There are indications overall turnout for Tuesday’s mayoral primary in Key Biscayne could go upward of 30%, based on historical patterns and ballots that have been cast so far. Those numbers, while low, are above average for primary elections and far higher than the current Miami-Dade County turnout of 12.4% so far.
By midday Monday, some 20% of the island’s 8,015 voters had either sent in mail ballots or voted early. The question candidates and political groupies are asking — how many will vote in person on Tuesday for either Fausto Gomez, Joe Rasco, or Katie Petros?
Nationally, election-day voting has been declining, with more and more people opting for the convenience of early voting and mail balloting.
Recent history in Key Biscayne suggests that as much as 40% of electorate could cast ballots Tuesday, based on the most recent comparable primary, the August 2018 vote, also a gubernatorial election year. However, there were no Key Biscayne municipal offices on the ballot.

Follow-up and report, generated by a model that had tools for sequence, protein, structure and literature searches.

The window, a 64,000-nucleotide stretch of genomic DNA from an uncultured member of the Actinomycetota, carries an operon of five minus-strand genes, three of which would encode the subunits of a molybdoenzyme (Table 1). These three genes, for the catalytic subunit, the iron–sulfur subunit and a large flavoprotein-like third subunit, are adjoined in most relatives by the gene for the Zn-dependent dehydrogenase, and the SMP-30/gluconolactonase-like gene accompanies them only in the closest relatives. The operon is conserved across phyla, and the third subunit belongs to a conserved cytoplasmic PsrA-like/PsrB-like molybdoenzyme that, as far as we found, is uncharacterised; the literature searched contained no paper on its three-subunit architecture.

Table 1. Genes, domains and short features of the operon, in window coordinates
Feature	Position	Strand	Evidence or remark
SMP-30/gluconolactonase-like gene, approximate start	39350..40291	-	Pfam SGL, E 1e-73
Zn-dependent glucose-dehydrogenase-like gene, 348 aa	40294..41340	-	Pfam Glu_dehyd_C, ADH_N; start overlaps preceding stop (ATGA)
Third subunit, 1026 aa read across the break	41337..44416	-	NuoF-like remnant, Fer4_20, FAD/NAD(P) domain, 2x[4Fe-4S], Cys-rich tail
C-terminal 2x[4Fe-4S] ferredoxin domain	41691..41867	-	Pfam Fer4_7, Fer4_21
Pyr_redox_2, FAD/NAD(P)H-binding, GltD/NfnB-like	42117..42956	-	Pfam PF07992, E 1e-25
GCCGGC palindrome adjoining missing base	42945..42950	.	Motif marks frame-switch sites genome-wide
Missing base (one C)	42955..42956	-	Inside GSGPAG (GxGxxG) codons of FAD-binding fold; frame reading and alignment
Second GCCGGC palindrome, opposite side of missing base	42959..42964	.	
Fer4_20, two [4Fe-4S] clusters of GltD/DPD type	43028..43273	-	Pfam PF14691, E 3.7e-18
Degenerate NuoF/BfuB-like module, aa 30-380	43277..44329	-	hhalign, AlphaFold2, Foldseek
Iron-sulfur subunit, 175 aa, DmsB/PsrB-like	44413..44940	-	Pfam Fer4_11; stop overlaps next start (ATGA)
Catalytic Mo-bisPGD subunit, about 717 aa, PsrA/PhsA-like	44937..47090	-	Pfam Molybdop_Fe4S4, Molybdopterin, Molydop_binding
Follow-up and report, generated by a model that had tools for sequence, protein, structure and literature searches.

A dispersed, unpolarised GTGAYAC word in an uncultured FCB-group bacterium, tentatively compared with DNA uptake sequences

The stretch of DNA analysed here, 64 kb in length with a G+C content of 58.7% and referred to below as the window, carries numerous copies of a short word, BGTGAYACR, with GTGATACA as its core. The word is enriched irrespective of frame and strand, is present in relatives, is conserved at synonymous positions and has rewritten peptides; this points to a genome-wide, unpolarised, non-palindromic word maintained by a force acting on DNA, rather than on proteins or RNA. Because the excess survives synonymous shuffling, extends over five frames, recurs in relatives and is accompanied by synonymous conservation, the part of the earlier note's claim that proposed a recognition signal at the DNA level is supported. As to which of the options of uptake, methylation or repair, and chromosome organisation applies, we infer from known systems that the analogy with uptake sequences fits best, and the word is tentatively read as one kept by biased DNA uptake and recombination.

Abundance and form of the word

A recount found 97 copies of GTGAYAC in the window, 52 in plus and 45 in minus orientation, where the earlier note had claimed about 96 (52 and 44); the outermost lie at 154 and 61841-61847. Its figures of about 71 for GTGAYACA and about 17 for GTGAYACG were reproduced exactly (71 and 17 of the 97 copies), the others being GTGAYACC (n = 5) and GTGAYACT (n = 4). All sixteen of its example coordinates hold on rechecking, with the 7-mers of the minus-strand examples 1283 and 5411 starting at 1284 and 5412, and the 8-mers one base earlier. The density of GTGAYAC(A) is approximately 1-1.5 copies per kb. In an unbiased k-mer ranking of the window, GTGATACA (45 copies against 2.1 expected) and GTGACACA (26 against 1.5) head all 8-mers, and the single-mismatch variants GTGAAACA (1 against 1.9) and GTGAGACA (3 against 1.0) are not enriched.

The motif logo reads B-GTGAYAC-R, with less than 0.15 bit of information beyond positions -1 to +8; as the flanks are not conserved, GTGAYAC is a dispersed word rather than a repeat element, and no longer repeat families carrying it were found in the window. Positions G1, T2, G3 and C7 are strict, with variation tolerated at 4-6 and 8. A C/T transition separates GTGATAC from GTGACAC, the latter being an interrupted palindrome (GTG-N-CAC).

As an example, 41% of Rick Scott’s Key Biscayne votes in the U.S. Senate race came on election day. The same was true for Democratic attorney general candidate Sean Shaw. About 43% of his Key Biscayne votes came on election day.
If that percentage were to hold for the mayoral race, it could mean another 1,000 people might vote in person Tuesday, bringing the total vote to just under 2,600, or about 32% of registered voters. That number, if achieved, would be considered a very high turnout for a municipal primary.
Also a factor — a substantial number of mail ballots that have yet to be returned to the Elections Department. As of the 16th, there were 2,048 unreturned Key Biscayne ballots, the department said. Officials couldn’t provide a more recent figure. Countywide, more than 400,000 mail ballots have been sent out with only 136,000 returned.
Voters who haven’t mailed their ballots cannot take them to the Key Biscayne Community Center polling location, but they can be issued a new ballot and vote in person, officials said.